The same group that is behind suckmongif.com have a vimeo page with the few videos uploaded that we could not resist but share. The first one includes a pong type setup using a projector but instead of it being projected on a flat surface like you’d expect, it is actually projected in the corner of the room with players being located on opposite sides of the room walls – intentional distorted projection. This is accompanied by sounds as soon as players hit the ball. Must watch below. The second video is a sound reacted experiment team made in a local winery cave near Marseille and third being test run during their latest installation @ La Bellone. Bruxelles (BE). Few other videos are included below.
The team goes by the name “Nous Sommes Quatre Vingt” meaning ‘We are Eighty’ and perform live.
It is a machine matter, men that the order and the classes.
It is a matter of us, here, now and tomorrow that screams itself.
It is a matter of association of humans, of installations multimedia and of projections.
It is a matter of thousand universes and of a reality.
The internet exists for the one that thinks it exists.
Must see also is sossossos.net.
+ more at noussommesquatrevingt.com
- Theseus [vvvv] Theseus is the latest installation by Rainer Kohlberger and Thomas Schrott for the THESEUS Innovation Center Internet of Things, Fraunhofer Heinrich-Hertz-Institut, Berlin. The installation is a mixture bewteen analogue and digital techniques, combining physical elements on the wall together with projected objects driven by vvvv software path. The black polygons, applied with glue to the wall, are tracked by the software and influence the movement of the projected shapes. See video below. Project pages: here + here. See also rain. [iPhone, Sound] by […]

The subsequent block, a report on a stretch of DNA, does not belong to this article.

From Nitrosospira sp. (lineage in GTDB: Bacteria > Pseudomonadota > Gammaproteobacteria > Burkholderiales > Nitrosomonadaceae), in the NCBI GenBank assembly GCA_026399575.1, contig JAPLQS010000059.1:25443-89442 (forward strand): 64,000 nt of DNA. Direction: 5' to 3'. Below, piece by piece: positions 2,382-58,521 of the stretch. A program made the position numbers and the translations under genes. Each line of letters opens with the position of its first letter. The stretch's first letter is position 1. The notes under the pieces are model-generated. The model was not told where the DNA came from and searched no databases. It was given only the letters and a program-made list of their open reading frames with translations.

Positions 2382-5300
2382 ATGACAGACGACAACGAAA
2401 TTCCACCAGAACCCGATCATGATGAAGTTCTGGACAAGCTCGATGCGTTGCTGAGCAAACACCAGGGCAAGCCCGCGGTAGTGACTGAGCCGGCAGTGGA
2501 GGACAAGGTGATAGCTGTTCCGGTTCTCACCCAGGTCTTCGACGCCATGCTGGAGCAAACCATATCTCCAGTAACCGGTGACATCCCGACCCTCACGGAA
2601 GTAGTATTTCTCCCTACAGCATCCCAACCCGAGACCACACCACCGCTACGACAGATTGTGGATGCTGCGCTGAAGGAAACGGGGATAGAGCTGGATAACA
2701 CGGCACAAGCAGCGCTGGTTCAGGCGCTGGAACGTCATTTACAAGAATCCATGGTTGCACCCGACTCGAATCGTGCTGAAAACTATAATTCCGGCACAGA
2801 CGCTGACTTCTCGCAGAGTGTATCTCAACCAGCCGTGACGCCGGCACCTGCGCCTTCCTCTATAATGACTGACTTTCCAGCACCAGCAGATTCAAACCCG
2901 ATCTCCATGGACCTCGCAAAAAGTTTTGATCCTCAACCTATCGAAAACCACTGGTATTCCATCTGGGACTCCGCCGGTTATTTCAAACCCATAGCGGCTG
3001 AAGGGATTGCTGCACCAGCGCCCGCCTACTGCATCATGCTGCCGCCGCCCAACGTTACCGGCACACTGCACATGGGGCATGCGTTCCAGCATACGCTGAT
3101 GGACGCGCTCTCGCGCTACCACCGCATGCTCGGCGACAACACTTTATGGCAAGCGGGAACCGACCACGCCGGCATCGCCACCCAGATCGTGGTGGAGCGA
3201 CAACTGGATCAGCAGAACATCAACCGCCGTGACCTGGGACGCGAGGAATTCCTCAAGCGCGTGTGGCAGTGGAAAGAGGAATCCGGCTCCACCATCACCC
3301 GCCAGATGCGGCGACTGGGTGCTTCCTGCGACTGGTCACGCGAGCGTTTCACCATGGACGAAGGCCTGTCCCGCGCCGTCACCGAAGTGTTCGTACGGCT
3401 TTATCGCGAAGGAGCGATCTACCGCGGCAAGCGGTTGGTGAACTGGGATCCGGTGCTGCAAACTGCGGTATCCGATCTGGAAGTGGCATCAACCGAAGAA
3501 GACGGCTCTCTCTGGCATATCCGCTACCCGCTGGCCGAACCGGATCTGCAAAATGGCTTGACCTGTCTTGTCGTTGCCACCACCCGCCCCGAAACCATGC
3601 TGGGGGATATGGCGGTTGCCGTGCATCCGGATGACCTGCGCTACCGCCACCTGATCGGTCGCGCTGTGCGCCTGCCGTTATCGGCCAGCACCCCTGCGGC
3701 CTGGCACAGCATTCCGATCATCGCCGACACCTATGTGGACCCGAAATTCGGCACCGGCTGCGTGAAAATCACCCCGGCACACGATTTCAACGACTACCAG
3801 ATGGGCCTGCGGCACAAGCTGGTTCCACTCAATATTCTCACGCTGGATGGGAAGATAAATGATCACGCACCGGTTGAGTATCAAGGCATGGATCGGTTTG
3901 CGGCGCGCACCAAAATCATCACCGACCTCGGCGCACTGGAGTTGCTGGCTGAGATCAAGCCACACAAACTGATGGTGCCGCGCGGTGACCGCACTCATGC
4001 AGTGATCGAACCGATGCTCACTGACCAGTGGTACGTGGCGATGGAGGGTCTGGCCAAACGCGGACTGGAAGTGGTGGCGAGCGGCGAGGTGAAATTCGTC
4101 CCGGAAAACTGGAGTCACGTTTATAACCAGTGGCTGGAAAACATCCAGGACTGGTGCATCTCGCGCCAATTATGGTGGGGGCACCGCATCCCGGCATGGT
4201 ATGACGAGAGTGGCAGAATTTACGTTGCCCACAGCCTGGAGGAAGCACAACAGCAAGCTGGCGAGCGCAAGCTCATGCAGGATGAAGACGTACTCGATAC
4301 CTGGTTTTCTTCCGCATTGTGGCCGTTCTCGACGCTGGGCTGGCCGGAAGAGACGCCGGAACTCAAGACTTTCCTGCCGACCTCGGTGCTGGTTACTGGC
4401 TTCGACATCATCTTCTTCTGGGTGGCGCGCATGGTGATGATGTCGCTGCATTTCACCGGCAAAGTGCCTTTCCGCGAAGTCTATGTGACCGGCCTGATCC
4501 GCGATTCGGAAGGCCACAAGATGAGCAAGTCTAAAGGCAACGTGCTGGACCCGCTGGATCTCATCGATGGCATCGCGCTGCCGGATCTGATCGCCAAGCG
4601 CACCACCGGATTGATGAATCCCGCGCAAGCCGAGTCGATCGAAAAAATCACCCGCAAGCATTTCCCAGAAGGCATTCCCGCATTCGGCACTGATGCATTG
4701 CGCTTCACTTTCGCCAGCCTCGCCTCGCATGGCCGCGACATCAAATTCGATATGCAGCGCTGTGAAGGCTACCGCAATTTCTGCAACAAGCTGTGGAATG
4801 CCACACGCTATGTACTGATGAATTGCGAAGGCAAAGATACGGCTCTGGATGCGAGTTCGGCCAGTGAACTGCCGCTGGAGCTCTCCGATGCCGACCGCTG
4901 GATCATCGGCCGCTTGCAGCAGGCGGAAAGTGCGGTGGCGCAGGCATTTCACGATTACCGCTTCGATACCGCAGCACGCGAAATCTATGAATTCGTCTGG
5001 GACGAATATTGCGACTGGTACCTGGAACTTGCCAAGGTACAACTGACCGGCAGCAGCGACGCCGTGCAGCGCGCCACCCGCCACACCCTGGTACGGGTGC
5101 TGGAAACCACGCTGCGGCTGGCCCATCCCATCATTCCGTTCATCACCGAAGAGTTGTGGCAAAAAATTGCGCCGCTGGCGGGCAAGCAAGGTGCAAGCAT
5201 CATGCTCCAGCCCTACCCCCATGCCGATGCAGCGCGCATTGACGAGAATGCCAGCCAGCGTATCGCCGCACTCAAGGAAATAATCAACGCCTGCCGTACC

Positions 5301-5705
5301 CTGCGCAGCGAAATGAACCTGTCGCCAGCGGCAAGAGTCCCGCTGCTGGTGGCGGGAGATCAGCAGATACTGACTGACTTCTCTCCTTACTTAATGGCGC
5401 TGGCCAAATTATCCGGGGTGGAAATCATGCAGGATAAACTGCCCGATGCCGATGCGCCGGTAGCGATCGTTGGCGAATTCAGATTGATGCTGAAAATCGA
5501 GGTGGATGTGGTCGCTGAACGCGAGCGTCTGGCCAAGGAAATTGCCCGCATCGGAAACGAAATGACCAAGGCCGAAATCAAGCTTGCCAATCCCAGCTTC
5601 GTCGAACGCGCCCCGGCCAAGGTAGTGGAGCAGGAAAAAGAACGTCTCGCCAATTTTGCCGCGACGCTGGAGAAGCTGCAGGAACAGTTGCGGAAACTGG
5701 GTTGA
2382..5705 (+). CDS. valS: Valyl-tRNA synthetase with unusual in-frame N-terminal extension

- 5 Twitter Art Projects [WebApp] It would be nearly impossible to define what is art in this post. What is certain is that projects listed below have a certain level of thesis, an intellectual overview and a position in relation to Twitter as a social phenomenon. Whether they are driven by empathy or pure interest in group behavior, Twitter is becoming a true reflection of our joint digital projections of ourselves (reaffirming our identity in a landscape of rapid change - Manuel Castelis). Whilst honesty and truthfulness is valued one can not ignore that it is the rationale and in many cases very calculated usage of twitter that attracts followers. If art is a reflection of ones time, driven by social, economic or cultural momentum, Twitter is a resource where our group behavior can be analyzed, reflected upon and critiqued. These recent 5 projects do just this. They are pieces of art, no matter how simple their nature is they reflect our group behavior. They also inspire, provoke response and drive a conclusion and opinion. Whether you are a twitter user or not, what is certain is that this is a collective conscience billboard not to be ignored. Pa++ern Pa++ern is a project byÂ Daito Manabe andÂ Motoi Ishibashi. It includes an embroidery machine which translates messages derived from Twitter into code and converts into designs.Â You can see it from this Saturday on atÂ the Beams Gallery in Tokyo. (via) Installation 1 All Tweets of Installation1 followers are printed daily & dropped on a spot @ Walkers Point Center For Art gallery in Milwaukee 6/5-7/2. Then glued into ball.Â The exhibition finished only few days ago so unfortunately you have just missed an opportunity to have your words displayed. linky Follow on Twitter via ok-blog Chalkbot Own a piece of the road at the Tour de France. Write your message and it will be sent to the Nike LIVESTRONG Chalkbot. What words of hope, inspiration and encouragement will you share with the world? Follow @chalkbot on Twitter. DeepLocal andÂ StandardRobot worked with Nike's agency, W+K, to design and develop the pneumatic robot and software system. The system includes a text message interface, web based queue and approval system for tour officials, onboard machine and nozzle control, spray mechanism, camera and GPS capture system, and Twitter integration. Best Day Ever Best day everÂ is a twitter project by Zach Gage.Â Each day at 6:30pm ESTÂ it automatically searches twitter for the phraseÂ â€œbest day everâ€Â and then picks a tweet it likes, and re-twittersÂ the tweet as itâ€™s own. Zach refers toÂ it is a compilation of all our happiness. Follow @mybestdayever for latest updates. Murmur Study This installation consists of 30 thermal printers that continuously monitor Twitter for new messages containing variations on common emotional utterances. Messages containing hundreds of variations on words such as argh, meh, grrrr, oooo, ewww, and hmph, are printed as an endless waterfall of text accumulating in tangled piles below. Murmur study is a collaboration with MÃ¡rton AndrÃ¡s JuhÃ¡szÂ nilseuropa.com and the Kitchen BudapestÂ kibu.hu. Project Site:Â christopherbaker.net/projects/murmur-study/ [Showing at the Weisman Art Museum, Minneapolis, Minnesota now through August 23th, 2009] Murmur Study from Christopher Baker on Vimeo. More.. If you know any more we have missed, please link up in the comments. If you liked this post, see also A Different Twitter […]